Table 1. Average Nuad for developed flow.

630 9.31

945 10.69

1260 11.79

1575 12.74

(5)

When the flow was uniform at the channel entrance, its development was distinct along each heater in the channel, so that the average Nusselt number of each one depended on its position. Considering only a single active heater, the average Nu values were also independent of the three reference temperatures, due to their coincidence. Table 2 presents the average Nusselt number for each heater in this case, indicating the Reynolds number and position dependence. Due to the simultaneous thermal and velocity boundary layer development over the heaters, the values in Table 2 are larger than the corresponding values in Table 1. In addition, the upstream heaters present larger values than those downstream. The average Nu results for a single active heater are presented in Fig. 2 for the five tested values of Re. The curves for the three heaters coincide when the flow is developed from the channel entrance, and they are distributed when the flow is developing along the channel. Under developing flow, the curves for the downstream heaters tend to that for the developed flow.

Another parameter obtained from the simulations for a single active heater was the influence coefficient g*(nn), as defined in Eq. (3). When the flow was developed from the channel entrance, the velocity profile over any heater was invariant and the coefficient g*(nn) was independent of the heater position – it changed only with the Reynolds number. The results corresponding to Pr = 0.7 are indicated as g*(0) in Table 3. The values increase with Re, mainly due to larger mass flow rate in the channel. For the developing flow, the influence of Re on the coefficients g*(nn) presented the same trend. In addition, these coefficients also depended on the heater position, increasing downstream mainly due to the velocity boundary layer development and a higher heater average temperature. These results are presented in Table 3 as g*(1–1), g*(2–2) and g*(3–3). The results of Table 3 are also presented in Fig. 3, showing the observed trends.

Table 2. Average Nuad for developing flow.

630 9.74 9.58 9.47

945 11.48 11.24 11.07

1260 12.94 12.63 12.42

1575 14.22 13.85 13.60

1890 15.37 14.94 14.66

Re

### u

500 1000 1500 2000

0 2 4 6 8 10 12 14 16 18

Developing, Heater# 1

Developing, Heater# 2

Developing, Heater# 3

Developed, Heaters # 1,2,3

Figure 2. Average Nuad for a single active heater (Pr = 0.7).

Table 3. g*(nn) for developed and for developing flow.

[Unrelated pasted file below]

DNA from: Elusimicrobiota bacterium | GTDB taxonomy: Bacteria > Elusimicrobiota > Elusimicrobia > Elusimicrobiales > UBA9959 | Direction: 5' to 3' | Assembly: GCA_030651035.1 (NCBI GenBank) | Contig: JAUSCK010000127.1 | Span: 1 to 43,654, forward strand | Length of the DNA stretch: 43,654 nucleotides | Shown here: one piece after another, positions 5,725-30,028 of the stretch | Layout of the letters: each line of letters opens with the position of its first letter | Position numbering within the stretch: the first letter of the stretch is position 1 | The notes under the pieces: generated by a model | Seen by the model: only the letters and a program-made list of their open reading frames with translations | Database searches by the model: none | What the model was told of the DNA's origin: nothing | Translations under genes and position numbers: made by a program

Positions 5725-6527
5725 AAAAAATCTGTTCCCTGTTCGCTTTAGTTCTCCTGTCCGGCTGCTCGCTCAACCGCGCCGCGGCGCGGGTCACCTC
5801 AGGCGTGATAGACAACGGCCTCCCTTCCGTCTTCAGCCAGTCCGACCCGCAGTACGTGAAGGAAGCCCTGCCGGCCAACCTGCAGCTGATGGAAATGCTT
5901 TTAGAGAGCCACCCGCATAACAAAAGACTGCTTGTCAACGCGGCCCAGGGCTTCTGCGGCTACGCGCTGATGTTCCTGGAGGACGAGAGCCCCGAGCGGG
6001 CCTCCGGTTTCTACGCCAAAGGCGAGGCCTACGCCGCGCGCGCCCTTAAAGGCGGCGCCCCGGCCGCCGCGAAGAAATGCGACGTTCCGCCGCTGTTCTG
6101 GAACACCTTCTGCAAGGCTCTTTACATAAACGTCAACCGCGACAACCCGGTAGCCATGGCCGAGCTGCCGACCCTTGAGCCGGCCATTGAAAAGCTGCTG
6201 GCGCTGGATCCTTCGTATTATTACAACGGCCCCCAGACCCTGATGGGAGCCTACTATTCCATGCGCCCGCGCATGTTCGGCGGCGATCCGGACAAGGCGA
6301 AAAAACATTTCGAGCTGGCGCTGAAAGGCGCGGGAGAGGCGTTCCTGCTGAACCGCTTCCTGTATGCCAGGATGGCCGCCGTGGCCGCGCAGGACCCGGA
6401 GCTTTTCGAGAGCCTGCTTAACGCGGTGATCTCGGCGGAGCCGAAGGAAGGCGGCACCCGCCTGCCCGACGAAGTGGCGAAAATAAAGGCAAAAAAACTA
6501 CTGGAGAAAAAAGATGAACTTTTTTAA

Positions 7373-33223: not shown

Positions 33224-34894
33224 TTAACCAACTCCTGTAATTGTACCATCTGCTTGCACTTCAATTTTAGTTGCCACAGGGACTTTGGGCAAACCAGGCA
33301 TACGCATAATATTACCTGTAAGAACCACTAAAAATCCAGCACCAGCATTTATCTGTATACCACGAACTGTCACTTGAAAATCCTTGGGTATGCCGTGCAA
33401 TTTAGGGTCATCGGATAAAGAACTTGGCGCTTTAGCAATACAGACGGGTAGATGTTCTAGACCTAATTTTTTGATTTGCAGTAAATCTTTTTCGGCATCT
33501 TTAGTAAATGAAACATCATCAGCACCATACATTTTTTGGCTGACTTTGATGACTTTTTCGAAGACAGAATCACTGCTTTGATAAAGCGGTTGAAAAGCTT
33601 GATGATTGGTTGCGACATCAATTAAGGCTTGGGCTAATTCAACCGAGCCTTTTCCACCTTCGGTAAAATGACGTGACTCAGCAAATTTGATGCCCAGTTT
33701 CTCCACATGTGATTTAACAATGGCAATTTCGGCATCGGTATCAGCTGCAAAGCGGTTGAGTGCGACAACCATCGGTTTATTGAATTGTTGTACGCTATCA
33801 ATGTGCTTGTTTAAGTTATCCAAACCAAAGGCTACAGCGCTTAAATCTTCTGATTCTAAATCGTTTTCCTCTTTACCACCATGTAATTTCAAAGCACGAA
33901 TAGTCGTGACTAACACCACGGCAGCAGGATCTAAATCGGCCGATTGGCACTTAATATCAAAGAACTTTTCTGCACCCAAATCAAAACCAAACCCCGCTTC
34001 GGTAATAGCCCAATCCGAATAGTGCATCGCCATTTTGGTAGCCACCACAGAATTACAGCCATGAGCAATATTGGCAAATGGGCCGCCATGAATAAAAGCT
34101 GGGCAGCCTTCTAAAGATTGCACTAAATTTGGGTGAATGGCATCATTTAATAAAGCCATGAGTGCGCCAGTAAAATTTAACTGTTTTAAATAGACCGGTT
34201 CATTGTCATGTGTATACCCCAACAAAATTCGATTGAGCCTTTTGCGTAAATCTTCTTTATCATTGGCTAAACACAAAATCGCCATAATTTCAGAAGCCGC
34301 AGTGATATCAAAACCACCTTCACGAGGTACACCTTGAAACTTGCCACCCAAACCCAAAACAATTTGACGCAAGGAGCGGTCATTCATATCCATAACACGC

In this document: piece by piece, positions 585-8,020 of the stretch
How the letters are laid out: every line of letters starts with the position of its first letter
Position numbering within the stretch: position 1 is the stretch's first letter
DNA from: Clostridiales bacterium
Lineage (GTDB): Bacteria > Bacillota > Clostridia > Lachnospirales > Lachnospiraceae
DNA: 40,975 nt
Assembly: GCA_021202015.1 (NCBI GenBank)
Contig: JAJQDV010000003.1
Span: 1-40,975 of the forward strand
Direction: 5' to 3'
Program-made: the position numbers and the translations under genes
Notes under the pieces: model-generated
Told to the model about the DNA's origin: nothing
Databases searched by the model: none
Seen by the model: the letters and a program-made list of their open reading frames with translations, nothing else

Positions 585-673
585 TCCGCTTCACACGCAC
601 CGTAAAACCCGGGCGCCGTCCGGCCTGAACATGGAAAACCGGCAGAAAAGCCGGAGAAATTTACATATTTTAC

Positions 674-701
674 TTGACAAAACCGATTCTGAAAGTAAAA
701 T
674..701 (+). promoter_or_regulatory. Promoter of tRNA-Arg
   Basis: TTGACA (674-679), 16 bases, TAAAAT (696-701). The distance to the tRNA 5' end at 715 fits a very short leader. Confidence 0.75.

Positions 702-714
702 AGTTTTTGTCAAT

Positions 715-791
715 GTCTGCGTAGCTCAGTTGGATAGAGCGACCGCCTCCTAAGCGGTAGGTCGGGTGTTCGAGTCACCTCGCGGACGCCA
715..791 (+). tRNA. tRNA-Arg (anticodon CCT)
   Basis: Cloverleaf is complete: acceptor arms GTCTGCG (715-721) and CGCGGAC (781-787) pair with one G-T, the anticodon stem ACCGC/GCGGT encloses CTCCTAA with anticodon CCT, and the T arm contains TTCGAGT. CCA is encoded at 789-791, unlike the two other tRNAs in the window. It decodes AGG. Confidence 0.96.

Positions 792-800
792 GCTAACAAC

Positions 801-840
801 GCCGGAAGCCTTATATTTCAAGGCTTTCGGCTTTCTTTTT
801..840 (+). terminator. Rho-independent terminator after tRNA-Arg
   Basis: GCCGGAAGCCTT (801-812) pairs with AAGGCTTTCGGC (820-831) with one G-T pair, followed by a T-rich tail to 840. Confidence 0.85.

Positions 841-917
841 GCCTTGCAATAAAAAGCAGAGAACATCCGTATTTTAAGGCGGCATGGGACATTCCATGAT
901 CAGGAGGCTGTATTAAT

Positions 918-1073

Developed

flow Developing flow

Re

g*(0) g*(1-1) g*(2-2) g*(3-3)

630 23.684 22.639 23.017 23.284

945 30.940 28.811 29.426 29.878

1260 37.405 34.080 34.917 35.507

1575 43.269 38.766 39.801 40.533

1890 48.783 43.038 44.277 45.123

Re

### )

500 1000 1500 2000

20 24 28 32 36 40 44 48 52

g*(0)

g*(1−1)

g*(2−2) g*(3−3)

Figure 3. g*(nn) for developed and for developing flow.

Two or Three Active Heaters

The simulations for this case were performed initially with only two active heaters, dissipating the same heat flux. Again, the flow was considered either developed or with a uniform velocity at the channel entrance. The main purpose of these tests was to obtain the influence coefficients g*(ni), as defined in Eq. (5). For developed channel flow, the coefficients g*(2–1) and g*(3–2) depended only on the Reynolds number and they were equal, due to the adopted geometry with the same heater length Lh and spacing Ls. They are represented by g*(1) in Table 4. The coefficient g*(3–1) indicates the adiabatic temperature rise of heater 3 above the channel flow inlet temperature due to the heat flux on heater 1 and it is indicated as g*(2) in Table 4. These coefficients increase with Re due to larger flow rates and the values of g*(1) are larger than those of g*(2) because the former represent the influence of a closer upstream heater. For a developing flow from a uniform velocity at the channel inlet, these coefficients depended on the heater position. They increased at downstream positions mainly due to the velocity boundary layer development and far downstream they would equal the values attained by the developed flow, indicated by g*(1) and g*(2). The results of g*(n–i) presented in Table 4 are also indicated in Fig. 4, showing the indicated trends. The values of the average Nuad obtained from these simulations were identical to those presented in Fig. 2 and Tables 1 and 2, for the developed and for the developing flow.

Table 4. g*(ni) for developed and for developing flow.

Developed flow Developing flow

Re

g*(1) g*(2) g*(2-1) g*(3-2) g*(3-1)

630 7.208 4.540 7.060 7.123 4.477

945 9.411 5.905 8.974 9.084 5.678

1260 11.282 7.048 10.638 10.798 6.741

1575 13.069 8.162 12.126 12.332 7.646

(6)

Re

### )

500 1000 1500 2000

0 2 4 6 8 10 12 14 16

g*(1)

g*(2)

g*(2-1)

g*(3-2)

g*(3-1)

Figure 4. g*(ni) for developed and for developing flow.

The simulations involving three active heaters comprised the case with the same heat flux from the heaters and two cases with distinct heat fluxes. Considering the heaters indicated in Fig. 1, the first heat flux distribution wasq1′′=q2′′=q3′′, corresponding to a ratio equal to 1-1-1 (case 1). For the other two cases, with distinct heat fluxes, the corresponding distribution ratios were equal to 5-3-1 (case 2) and to 3-5-1 (case 3).